Newest Great American Novel rants at Apple
In Jonathan Franzen's much-hyped new novel, a main character gives a sarcastic interview in which he suggests the iPod is a symbol of Republicanism and that Apple is, well, kind of evil.
Let's get intellectual.
Every object, thought, movement, and person is, at heart, political. They might try to hide it. They might couch their purpose in some pretense of rationality. But in the end, everything that lives, breathes, or takes up space is trying to persuade you of something.
So, being deeply political myself, my head stubble stood on end when those who operate my dog collar at CNET told me about the new Great American Novel, "Freedom." This is the latest work by Jonathan Franzen, the man who experienced conniptive tendencies on learning that Oprah had given his book "The Corrections" her seal of approval.
Everyone who is anyone (and even some who are no one) has declared "Freedom" a vastly important work. But what might move you to read it is the part in which one of the main characters, middle-aged rock star Richard Katz, declares that Apple is rotten and the iPod is Republican.
Naturally, I have speed-read to this most important part. However, some might find that many of Katz's statements, all offered with dulled power of hindsight to a 19-year-old Mac-loving blogger, move them to tears, joy, violent twitching, or enlightenment.
In answer to the question "What do you think of the MP3 revolution?" Katz offers: "Ah, revolution, wow. It's great to hear the word 'revolution' again. It's great that a song now costs exactly the same as a pack of gum and lasts exactly the same amount of time before it loses its flavor and you have spend another buck."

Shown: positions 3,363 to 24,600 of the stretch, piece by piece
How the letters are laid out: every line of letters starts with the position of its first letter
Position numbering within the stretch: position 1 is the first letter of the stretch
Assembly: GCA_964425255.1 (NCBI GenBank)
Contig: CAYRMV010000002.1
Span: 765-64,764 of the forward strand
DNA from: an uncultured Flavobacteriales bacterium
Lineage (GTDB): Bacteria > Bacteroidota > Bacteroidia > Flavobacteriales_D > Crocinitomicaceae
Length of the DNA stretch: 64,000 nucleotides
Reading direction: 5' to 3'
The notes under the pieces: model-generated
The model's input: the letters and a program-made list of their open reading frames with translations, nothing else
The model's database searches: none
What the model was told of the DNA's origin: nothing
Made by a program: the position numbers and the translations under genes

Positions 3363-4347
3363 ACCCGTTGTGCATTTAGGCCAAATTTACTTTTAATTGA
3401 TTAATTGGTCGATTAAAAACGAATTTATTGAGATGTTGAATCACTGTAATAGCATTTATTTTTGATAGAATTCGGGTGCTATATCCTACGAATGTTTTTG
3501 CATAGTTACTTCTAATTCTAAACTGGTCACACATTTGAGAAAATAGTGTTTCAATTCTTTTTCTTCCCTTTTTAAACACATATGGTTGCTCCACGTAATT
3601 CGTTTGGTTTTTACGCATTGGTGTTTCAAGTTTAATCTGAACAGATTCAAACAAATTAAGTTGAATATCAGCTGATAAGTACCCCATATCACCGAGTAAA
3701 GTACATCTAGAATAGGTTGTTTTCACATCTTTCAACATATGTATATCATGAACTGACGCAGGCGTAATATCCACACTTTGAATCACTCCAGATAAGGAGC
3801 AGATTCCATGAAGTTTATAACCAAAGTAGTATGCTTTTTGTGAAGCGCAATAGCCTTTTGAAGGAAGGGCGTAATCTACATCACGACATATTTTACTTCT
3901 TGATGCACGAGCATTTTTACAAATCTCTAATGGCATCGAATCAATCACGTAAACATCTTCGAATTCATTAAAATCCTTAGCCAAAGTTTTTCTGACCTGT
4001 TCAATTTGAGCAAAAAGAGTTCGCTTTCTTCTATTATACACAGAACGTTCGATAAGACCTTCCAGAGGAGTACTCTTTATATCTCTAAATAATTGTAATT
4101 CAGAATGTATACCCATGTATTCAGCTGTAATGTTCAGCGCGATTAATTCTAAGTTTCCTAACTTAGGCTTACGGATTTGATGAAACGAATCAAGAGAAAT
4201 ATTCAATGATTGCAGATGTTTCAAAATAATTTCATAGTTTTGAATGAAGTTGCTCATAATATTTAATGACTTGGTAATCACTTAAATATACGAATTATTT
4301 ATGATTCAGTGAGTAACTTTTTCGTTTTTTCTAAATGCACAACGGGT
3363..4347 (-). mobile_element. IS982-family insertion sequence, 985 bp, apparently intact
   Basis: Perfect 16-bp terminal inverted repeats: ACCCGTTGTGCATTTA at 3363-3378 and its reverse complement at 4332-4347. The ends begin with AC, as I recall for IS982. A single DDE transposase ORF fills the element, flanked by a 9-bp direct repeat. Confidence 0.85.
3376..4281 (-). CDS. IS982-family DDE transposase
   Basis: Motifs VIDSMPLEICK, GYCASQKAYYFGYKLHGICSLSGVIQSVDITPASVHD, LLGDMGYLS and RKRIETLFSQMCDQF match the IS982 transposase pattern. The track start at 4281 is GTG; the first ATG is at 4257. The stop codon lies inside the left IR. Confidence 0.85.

But Katz is merely stretching his mandible for a more targeted assault. Because he has Apple in his sights:
"Apple Computer must be way more committed to making the world a better place, because iPods are so much cooler-looking than other MP3 players, which is why they're so much more expensive and incompatible with other companies' software, because--well, actually, it's a little unclear why, in a better world, the very coolest products have to bring the very most obscene profits to a tiny number of residents of the better world."
It is but the smallest of hops, skips, and jumps for Katz to conclude: "The iPod is the true face of Republican politics."
Why might this be?
Well, Katz explains that the Republican Party is the true party of choice. So he finds it extremely hard to understand why it is in the hands of extremists, who want, as far as he is concerned, to inhibit and even prohibit choice.
Katz just wishes the modern commercial man of the music/technology axis (yes, he's thinking Apple) would just be honest and say:
"We're about choosing what WE want to listen to and ignoring everything else. We're about ridiculing people who have the bad manners not to want to be cool like us. We're about giving ourselves a mindless feel-good treat every five minutes. We're about the relentless enforcement and exploitation of our intellectual-property rights. We're about persuading ten-year-old children to sped twenty-five dollars on a cool little silicone iPod case that it costs a licensed Apple Computer subsidiary thirty-nine cents to manufacture."
I have no idea whether this book has a happy ending, though I doubt it. However, just like Katz's heyday of rock 'n' roll, there is something amusingly human about things that once seemed revolutionary suddenly becoming the mainstream. And it's only when they enter that mainstream that their other, perhaps truer, essence becomes evident.
No one who created revolutionary music, or revolutionary technology, ever imagined all the consequences their creations would bring. How very difficult it is when we open our eyes and see that something we once believed in has changed into what, for some, seems to be its opposite. I know that some especially feel that way about their families.
That's enough philosophy for one day. Now, please go back to working for the man. Or, for you folks at Facebook, the boy Caesar.